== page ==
A National Lockdown Could Be The Economy's Best Hope, Says Minneapolis Fed President

Originally published on August 9, 2020 3:16 pm

The United States has now surpassed five million confirmed cases of COVID-19 and 160,000 deaths from the virus as tens of millions of Americans file for unemployment, causing experts to debate how the nation should respond.

Neel Kashkari, the president of the Federal Reserve Bank of Minneapolis, says the answer should be a return to mandated lockdowns in every state for up to six weeks in an effort to save both lives and the economy.

"If we aren't willing to take this action, millions more cases with many more deaths are likely before a vaccine might be available," Kashkari wrote in a New York Times op-ed on Friday alongside Dr. Michael Osterholm, director of the Center for Infectious Disease Research and Policy at the University of Minnesota.

Kashkari says lockdowns were having a positive effect during the spring. The problem, he told NPR's All Things Considered on Sunday, is that "we threw in the towel before the health officials had actually gotten control of the virus."

Giving up too early cost the economy, says Kashkari. What the country needs now, he says, is "a more stringent, uniform lockdown state-by-state" until the virus can be brought under control. "Then we can return to normal economic activity with more confidence."


Interview Highlights

On the economic argument for a more strict lockdown

The economic argument is what we're doing right now isn't working. We did a modest lockdown and then we let up far too quickly according to the public health experts, and now our economy is only very slowly recovering. Many people feel scared to go back into restaurants, so restaurants can't return to normal.

We're not really going to be able to return to a robust economy until we get control of the virus, and at 50,000 cases a day it's spreading like wildfire throughout the country. So unfortunately, yes, a lockdown for six weeks would impose short term pain, but I believe we as a country can afford to support Americans through that short term lockdown so then we can reopen and have a vigorous economy, have kids returning to school.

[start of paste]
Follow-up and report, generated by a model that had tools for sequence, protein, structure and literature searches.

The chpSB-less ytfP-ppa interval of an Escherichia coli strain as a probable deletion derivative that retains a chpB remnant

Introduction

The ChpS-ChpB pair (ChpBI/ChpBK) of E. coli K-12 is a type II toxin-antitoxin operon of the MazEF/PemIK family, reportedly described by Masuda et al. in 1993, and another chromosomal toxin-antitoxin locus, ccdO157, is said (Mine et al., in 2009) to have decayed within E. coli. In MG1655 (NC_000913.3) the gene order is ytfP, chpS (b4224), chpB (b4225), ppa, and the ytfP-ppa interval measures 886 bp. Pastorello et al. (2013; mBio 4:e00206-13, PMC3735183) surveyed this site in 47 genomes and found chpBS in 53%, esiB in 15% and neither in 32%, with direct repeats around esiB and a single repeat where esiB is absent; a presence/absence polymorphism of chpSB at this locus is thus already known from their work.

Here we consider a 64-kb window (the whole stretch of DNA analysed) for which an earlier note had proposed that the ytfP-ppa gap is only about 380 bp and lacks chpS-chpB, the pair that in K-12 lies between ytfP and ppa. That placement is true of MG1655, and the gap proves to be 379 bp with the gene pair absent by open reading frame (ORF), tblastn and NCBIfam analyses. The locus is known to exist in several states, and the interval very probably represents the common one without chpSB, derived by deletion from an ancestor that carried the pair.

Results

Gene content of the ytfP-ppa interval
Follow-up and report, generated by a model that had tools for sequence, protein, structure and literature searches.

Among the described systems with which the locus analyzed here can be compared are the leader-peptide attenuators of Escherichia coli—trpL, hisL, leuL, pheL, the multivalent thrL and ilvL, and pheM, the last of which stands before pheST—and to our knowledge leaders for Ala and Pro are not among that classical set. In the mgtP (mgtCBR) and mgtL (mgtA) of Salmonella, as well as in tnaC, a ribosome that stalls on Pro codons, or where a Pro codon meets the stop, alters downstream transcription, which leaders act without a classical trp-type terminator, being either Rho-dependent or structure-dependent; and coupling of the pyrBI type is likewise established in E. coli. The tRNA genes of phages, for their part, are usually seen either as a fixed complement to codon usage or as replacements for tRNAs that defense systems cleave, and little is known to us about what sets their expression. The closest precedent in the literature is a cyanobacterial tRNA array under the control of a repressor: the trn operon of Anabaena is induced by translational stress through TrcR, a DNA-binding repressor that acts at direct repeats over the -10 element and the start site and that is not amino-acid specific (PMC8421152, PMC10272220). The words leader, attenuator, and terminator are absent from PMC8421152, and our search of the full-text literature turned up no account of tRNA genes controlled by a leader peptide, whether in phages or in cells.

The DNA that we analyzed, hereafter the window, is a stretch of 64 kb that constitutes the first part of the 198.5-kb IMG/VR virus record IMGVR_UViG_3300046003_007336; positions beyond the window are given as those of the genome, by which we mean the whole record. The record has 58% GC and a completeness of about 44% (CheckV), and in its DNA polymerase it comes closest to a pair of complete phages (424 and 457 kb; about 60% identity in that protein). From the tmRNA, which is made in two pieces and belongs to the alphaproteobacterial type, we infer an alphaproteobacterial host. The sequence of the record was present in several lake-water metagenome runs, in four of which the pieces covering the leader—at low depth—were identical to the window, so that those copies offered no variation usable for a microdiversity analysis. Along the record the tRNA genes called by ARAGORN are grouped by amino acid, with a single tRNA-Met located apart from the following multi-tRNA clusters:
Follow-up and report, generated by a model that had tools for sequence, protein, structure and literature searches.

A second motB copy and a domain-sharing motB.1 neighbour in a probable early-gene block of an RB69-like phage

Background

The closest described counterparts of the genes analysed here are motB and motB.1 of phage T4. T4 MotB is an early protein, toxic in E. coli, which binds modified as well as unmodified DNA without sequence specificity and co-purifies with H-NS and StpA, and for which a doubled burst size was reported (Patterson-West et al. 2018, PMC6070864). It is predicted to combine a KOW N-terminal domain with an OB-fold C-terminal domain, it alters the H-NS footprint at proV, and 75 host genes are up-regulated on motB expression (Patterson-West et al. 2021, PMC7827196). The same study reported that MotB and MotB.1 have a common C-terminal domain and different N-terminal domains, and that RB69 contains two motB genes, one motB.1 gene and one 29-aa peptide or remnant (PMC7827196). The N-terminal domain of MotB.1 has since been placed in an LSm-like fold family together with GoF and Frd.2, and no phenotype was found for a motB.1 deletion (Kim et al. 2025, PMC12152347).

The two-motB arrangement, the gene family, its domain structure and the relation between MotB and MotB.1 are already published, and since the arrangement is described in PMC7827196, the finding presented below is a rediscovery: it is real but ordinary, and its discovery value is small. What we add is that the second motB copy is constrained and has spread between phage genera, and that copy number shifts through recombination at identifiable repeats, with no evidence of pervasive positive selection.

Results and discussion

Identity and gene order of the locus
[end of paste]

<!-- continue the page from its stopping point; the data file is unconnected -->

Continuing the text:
I want us to get back to a robust economy as quickly as possible. This is much faster than allowing the virus to spread uncontrolled.

On the concern that increasing federal unemployment benefits will wrack up federal debt

Well one of the things that has happened in this recession that is unlike any recession in modern times, our savings rate has taken off. It's really curious. Those of us, like me, who have been able to keep our jobs, we're actually saving more money because we're not going out to restaurants or movies or on vacations. So the personal savings rates soared from about 8% to 20%.

The way it works is that money then gets put in the bank, or put into a money market fund, and those resources are available so that when the government runs deficits, it doesn't have to borrow as much from abroad because we're generating savings domestically. It is much safer for a country to fund its own government deficits from its own people than it is to borrow from abroad.

So it turns out, we can actually fund the additional unemployment benefits, for example, or additional support to small businesses from our own domestic resources. That is much, much better than having to borrow it from abroad. So this recession is very unique in how we've shut down part of the economy because it's also generating savings that can support the workers who are most affected. I know it's complicated, but this is a unique moment when the traditional concerns about government deficits, debt to GDP, do not apply.